ams/econ 11b
supplementary notes
ucsc
Constrained optimization.
c
2010, Yonatan Katznelson
1.
Constraints
In many of the optimization problems that arise in economics, there are restrictions on
the values that the independent variables may take.
Example 1.
A firm’s cost function is given by
C
= 0
.
05
Q
2
A
+ 0
.
01
Q
A
Q
B
+ 0
.
03
Q
2
B
+ 10
Q
A
+ 15
Q
B
+ 12000
,
(1.1)
where
Q
A
and
Q
B
are the quantities of the firm’s product that are produced in the firm’s
two facilities A and B, respectively.
If the firm has a contract to produce 2000 units of
output, then how many units should they produce in each facility to
minimize
their cost?
The condition that total output should equal 2000, imposes the following restriction on
the variables
Q
A
and
Q
B
Q
A
+
Q
B
= 2000
,
(1.2)
together with the conditions
Q
A
, Q
B
≥
0, since neither output can be negative.
The condition in equation (1.2) is called a
constraint
because it
constrains
(restricts)
the possible values of the free variables
Q
A
and
Q
B
.
The function to be optimized (the
cost function, in the example above) is called the
objective function
in these types of
problems.
Example 2.
A firm’s output is given by the CobbDouglas model
Q
=
AK
α
L
β
,
(1.3)
where
Q
is the firm’s output,
K
is quantity of the firm’s capital input and
L
is the quantity
of the firm’s labor input. The constants,
α
,
β
and
A
are all positive and we also assume
that
α
+
β
= 1. If the prices per unit of capital and labor are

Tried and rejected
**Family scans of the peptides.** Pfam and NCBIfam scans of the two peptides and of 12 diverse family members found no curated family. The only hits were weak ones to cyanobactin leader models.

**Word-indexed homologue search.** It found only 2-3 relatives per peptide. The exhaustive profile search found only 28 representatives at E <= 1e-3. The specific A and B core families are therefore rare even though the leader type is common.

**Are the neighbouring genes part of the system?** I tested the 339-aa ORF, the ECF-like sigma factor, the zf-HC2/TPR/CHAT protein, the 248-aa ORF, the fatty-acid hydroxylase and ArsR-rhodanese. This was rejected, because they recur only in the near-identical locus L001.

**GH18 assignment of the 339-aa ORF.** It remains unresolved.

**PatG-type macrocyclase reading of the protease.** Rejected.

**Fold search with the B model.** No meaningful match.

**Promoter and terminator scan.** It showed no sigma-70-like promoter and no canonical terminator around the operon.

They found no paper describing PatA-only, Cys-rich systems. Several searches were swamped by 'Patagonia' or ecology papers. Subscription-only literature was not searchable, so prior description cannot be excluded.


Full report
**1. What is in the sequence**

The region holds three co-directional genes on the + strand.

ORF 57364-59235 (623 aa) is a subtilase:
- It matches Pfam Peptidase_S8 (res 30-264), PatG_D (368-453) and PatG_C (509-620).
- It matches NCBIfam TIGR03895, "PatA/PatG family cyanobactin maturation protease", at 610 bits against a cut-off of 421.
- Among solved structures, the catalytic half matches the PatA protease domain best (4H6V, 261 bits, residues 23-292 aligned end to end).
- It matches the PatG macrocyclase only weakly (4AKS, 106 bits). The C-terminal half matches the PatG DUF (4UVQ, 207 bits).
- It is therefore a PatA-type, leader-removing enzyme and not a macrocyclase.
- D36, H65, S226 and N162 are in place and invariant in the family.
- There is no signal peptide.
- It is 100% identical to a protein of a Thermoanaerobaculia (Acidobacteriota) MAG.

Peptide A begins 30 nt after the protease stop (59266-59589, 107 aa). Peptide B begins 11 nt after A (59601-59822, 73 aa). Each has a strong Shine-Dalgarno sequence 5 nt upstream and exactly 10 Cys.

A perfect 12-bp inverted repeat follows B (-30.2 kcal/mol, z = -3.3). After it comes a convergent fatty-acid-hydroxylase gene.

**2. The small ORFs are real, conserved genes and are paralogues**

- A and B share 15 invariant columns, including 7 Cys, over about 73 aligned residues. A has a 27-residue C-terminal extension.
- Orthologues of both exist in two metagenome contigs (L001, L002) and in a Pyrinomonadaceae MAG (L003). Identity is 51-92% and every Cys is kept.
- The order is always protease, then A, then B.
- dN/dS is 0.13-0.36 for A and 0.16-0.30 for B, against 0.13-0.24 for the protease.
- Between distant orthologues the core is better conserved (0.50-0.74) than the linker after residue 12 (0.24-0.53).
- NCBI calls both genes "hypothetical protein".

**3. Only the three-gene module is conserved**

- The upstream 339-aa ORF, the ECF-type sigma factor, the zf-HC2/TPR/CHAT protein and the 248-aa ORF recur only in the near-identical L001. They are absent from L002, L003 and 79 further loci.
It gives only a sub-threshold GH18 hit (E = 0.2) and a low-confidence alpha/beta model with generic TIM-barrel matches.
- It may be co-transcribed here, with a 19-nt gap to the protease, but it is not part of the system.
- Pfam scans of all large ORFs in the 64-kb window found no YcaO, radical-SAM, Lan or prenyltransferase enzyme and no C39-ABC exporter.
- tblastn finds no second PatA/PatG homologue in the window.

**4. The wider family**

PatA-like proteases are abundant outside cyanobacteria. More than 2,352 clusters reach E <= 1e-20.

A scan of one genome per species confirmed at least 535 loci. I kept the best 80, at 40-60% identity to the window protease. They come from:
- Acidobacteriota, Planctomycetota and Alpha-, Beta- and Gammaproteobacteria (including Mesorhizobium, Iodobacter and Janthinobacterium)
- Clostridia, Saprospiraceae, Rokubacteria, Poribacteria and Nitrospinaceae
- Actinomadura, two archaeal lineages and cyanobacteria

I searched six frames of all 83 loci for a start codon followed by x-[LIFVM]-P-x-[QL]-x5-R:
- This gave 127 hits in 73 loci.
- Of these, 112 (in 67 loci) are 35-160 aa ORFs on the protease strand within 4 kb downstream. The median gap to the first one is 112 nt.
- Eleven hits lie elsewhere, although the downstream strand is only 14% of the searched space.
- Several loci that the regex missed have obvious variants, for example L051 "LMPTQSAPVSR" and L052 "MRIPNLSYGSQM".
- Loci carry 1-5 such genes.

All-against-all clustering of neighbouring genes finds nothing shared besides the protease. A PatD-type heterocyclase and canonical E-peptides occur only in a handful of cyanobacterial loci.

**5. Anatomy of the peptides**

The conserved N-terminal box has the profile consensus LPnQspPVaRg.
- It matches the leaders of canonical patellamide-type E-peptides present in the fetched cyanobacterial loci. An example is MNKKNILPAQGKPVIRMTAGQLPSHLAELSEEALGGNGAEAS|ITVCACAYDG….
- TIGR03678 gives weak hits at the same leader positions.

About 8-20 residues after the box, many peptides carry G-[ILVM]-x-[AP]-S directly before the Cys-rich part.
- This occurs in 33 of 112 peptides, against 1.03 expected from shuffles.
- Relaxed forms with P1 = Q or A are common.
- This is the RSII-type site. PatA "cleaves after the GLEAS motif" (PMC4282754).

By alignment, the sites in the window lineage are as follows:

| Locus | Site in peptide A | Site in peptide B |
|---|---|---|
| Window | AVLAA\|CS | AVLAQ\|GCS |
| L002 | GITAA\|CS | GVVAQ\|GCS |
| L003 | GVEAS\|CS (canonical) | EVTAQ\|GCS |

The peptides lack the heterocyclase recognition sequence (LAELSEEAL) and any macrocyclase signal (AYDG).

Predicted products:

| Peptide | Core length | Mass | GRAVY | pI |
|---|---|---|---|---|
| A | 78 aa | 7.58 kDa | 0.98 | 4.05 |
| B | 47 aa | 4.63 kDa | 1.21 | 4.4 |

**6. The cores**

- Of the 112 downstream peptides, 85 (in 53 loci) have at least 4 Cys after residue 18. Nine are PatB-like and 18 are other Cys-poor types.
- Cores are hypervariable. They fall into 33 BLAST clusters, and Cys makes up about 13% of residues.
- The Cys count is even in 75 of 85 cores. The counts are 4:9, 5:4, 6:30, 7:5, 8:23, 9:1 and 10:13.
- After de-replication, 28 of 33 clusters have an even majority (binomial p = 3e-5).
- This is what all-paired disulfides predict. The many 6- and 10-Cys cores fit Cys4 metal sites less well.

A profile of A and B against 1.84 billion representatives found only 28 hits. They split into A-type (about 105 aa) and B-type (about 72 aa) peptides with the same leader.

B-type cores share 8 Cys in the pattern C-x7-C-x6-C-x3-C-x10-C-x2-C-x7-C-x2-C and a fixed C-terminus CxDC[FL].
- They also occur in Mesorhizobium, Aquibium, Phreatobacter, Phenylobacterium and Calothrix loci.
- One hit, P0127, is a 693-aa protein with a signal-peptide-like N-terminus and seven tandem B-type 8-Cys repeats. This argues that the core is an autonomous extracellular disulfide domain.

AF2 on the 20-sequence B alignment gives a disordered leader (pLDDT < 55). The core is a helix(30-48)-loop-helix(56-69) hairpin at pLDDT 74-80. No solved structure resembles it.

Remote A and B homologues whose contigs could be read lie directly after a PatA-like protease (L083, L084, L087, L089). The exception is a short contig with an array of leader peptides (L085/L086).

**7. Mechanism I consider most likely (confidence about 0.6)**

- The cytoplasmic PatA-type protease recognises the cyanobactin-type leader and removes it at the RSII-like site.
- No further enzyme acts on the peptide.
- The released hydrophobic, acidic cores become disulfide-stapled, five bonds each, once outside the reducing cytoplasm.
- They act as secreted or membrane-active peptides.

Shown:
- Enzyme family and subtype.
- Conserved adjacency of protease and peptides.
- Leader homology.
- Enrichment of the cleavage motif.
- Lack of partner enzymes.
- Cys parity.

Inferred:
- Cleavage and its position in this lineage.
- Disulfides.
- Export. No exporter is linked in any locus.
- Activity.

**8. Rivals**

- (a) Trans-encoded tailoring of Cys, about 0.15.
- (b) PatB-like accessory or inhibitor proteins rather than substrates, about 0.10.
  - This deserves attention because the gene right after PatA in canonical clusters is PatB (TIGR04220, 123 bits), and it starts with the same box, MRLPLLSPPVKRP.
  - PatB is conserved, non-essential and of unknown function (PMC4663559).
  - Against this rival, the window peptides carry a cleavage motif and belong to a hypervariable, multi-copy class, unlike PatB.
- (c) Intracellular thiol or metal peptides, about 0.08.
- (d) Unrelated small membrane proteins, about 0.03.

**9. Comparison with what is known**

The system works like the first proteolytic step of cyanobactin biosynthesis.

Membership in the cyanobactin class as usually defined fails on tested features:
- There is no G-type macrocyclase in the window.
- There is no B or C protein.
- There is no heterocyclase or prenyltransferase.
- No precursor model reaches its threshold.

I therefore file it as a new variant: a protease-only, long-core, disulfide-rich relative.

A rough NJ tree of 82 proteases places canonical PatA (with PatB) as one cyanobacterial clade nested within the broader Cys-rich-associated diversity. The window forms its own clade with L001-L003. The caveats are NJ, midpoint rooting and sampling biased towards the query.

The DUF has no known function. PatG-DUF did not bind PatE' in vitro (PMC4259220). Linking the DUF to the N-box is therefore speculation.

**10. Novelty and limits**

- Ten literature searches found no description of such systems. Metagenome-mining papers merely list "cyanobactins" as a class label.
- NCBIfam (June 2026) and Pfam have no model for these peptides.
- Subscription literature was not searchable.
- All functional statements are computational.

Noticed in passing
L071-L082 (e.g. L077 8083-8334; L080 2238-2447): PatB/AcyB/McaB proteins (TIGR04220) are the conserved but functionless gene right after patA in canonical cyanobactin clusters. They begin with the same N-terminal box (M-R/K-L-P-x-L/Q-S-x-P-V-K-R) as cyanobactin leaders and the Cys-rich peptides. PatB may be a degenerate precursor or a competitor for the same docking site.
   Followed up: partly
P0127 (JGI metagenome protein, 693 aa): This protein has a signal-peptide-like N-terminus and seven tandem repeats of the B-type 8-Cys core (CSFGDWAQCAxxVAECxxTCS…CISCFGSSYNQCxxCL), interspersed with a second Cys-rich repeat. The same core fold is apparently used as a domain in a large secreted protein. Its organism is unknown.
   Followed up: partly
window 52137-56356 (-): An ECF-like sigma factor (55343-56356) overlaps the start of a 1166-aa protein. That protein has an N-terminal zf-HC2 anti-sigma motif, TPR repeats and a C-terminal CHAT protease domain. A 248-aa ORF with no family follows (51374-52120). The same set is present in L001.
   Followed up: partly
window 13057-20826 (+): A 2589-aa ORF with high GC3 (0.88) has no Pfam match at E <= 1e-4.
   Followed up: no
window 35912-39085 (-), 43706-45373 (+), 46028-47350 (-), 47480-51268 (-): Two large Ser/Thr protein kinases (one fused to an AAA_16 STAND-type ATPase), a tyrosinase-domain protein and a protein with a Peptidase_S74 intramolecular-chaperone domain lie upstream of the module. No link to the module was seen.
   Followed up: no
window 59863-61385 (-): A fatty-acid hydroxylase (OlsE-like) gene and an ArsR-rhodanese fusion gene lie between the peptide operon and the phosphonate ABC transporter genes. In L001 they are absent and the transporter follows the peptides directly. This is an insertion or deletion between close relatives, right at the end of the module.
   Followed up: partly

p
K
and
p
L
, respectively, and
the firm’s production budget is
B
, then
how should the firm allocate its budget to maximize
its output?
The constraint in this case is given by the equation
p
K
·
K
+
p
L
·
L
=
B,
(1.4)
reflecting the facts that (a) it costs
p
K
·
K
+
p
L
·
L
to use
K
units of capital and
L
units of
labor, and (b) the total cost must equal
B
. The objective function in this example is the
output,
Q
.
In what follows, we’ll see two approaches to solving this type of optimization problem.
One approach, substitution, is more elementary, and uses the constraint to reduce the
1
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number of variables.
The second approach,
the method of Lagrange multipliers
, is more
sophisticated and actually introduces a new variable to the problem.
†
On the other hand,
this additional variable yields important information about the optimization problem that
is more difficult to derive using the substitution method.
Also, it is often the case, that
the algebra involved in finding the relevant critical points is actually easier in the Lagrange
multiplier approach.
2.
Substitution
One approach to solving a constrained optimization problem is to use the constraint (or
constraints, if there is more than one) to reduce the number of variables, and transform the
problem to an
unconstrained optimization problem in fewer variables
.
Example 3.
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 Spring '08
 BINICI
 Economics, Critical Point, Optimization, Yd, ﬁrst order conditions

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